The Arizona Game and Fish Department website says that at least 15 condors have died of lead poisoning since 2000 and that numerous birds have been treated for high lead, including surgeries.

Investigation led to the gut piles left by hunters in northern Arizona and southern Utah.

Motivation to change • Lead bullets fragment on impact, leaving traces of lead in the carcass and in internal organs (which many hunters target for a clean kill) that are left at the site.

Parish said in some cases a single shot with a lead bullet left 400 fragments.

Human ingestion of lead, through eating game killed by hunters, has since drawn attention, and high levels of lead fragmentation have been found in processed venison.

In 2005, Arizona began offering hunters two free boxes of lead-free bullets of their choice and entering those who turn in gut piles in a drawing for rifles. The state estimates the participation rate has grown to 80 percent to 90 percent.

Just last week, California became the first state to ban lead ammunition.

Utah's first attempt at a non-lead program in 2011 drew participation from 7 percent or 8 percent of hunters. But the number jumped to 50 percent last year because the area where attention is focused — known as the Zion hunting unit — went to a draw-only format, which allowed DWR to contact every hunter with a permit on the unit.

Day hopes for an even higher participation rate this year among the 2,000 or so hunters on the Zion unit — which runs from Interstate 15 on the west to Highway 89 on the east, State Road 14 on the north and the Arizona state line on the south; no hunting is allowed in Zion National Park.

DWR Director Greg Sheehan, who will be staffing one of the check stations this weekend, believes including those who switched ammunition helps boost participation.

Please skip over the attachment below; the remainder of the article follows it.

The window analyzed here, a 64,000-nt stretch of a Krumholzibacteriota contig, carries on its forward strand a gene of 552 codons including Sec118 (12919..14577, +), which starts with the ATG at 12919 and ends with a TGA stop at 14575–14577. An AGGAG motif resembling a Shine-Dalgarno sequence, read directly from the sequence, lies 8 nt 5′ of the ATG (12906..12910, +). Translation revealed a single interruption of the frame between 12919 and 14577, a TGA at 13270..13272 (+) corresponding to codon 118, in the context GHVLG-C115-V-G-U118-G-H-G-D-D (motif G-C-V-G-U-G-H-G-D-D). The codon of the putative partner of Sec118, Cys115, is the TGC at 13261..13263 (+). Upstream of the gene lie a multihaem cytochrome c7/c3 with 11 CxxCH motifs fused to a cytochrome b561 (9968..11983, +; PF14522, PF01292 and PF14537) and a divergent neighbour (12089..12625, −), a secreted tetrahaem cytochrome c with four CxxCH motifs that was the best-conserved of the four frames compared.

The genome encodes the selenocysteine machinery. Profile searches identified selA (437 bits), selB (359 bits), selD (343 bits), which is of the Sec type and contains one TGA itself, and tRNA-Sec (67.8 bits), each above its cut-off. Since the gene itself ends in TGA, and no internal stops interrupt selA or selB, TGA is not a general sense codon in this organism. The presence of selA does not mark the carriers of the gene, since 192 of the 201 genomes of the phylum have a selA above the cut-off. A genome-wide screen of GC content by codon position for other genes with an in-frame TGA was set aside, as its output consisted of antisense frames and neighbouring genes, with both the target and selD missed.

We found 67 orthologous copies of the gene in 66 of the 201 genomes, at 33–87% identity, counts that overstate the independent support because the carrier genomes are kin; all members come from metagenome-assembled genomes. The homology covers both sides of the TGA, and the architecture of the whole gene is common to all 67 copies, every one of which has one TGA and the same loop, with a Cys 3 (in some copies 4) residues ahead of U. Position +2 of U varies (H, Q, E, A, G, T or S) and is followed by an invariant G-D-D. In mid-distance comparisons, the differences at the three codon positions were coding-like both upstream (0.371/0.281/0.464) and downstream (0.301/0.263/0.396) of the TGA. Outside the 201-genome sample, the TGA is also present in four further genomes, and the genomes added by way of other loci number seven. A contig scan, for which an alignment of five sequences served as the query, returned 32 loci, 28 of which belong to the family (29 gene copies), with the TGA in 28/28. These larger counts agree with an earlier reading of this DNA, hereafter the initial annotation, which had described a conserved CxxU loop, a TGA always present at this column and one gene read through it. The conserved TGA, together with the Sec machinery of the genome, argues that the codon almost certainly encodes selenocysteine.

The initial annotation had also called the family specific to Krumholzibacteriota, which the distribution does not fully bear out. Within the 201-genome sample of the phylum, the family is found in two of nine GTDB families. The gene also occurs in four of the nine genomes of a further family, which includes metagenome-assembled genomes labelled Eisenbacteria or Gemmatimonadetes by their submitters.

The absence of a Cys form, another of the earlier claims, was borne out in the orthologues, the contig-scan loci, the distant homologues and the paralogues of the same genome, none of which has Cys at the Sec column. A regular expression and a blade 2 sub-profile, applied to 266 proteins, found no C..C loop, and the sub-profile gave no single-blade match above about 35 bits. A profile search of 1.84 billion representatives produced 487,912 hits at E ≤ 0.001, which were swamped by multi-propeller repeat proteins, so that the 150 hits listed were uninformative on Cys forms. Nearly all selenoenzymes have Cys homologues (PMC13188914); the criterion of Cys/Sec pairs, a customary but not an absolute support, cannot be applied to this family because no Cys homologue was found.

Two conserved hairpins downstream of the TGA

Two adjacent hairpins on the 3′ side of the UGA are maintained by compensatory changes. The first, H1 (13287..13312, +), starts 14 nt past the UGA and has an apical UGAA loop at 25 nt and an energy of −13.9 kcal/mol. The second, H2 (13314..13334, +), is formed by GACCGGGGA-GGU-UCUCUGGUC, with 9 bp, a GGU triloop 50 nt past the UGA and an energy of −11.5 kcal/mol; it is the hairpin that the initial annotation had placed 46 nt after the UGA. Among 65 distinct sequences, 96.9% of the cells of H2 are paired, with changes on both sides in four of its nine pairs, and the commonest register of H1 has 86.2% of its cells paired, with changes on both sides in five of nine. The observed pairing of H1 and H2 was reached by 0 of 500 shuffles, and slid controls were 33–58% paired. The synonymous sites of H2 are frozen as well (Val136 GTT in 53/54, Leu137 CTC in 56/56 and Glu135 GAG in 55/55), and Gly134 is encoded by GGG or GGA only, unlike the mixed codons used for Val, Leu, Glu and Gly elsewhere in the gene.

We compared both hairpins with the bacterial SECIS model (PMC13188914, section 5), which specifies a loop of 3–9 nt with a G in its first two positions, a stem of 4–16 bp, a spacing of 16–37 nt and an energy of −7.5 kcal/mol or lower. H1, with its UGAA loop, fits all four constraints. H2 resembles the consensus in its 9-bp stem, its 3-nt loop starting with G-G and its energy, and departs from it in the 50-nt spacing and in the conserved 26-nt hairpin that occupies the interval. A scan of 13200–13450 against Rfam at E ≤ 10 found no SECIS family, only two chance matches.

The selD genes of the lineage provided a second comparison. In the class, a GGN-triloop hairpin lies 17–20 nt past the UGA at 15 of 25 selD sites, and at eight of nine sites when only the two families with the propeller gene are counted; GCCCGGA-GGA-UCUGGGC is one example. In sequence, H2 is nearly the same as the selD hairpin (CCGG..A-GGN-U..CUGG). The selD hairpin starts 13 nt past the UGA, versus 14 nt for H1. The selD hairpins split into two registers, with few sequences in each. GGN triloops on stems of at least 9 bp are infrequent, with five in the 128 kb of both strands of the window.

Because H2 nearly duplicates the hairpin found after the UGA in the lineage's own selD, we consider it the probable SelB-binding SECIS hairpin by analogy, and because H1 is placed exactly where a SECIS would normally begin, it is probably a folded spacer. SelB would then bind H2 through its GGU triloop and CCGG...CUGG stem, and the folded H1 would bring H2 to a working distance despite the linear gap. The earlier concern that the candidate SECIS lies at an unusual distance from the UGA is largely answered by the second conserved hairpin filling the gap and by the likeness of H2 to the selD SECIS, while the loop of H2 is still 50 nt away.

"Condors do rely heavily on deer remains and keeping gut piles in the field as a food source is important," Sheehan said. "We wanted to reward hunters who made the switch by including them in the drawings along with those who elected to stay with lead, but who bring in the gut piles."

Twitter: @BrettPrettyman

Tribune reporter Matt Canham contributed to this story. —

General season deer hunt opens

Changes in the format of Utah's general season deer hunt have reduced the number of hunters who head to the woods for the state's biggest hunt each October. But more than 60,000 hunters — most with family and friends in tow — will be out this weekend, with beautiful weather expected. The general rifle season runs through Oct. 27. —

About California condors

The California condor is one of the largest birds in North America. From wing tip to wing tip, it measures 9.5 feet.

In 1982, 22 California condors were left in the world. With the help of biologists, they now number around 400, with more than half flying free in the wild.

Condors in the Southwest are deemed a nonessential experimental population through the Endangered Species Act.

As one of the longest-living raptors in the world, condors may live to be 50 years old or more.

Lead poisoning is the main threat to the survival of California condors.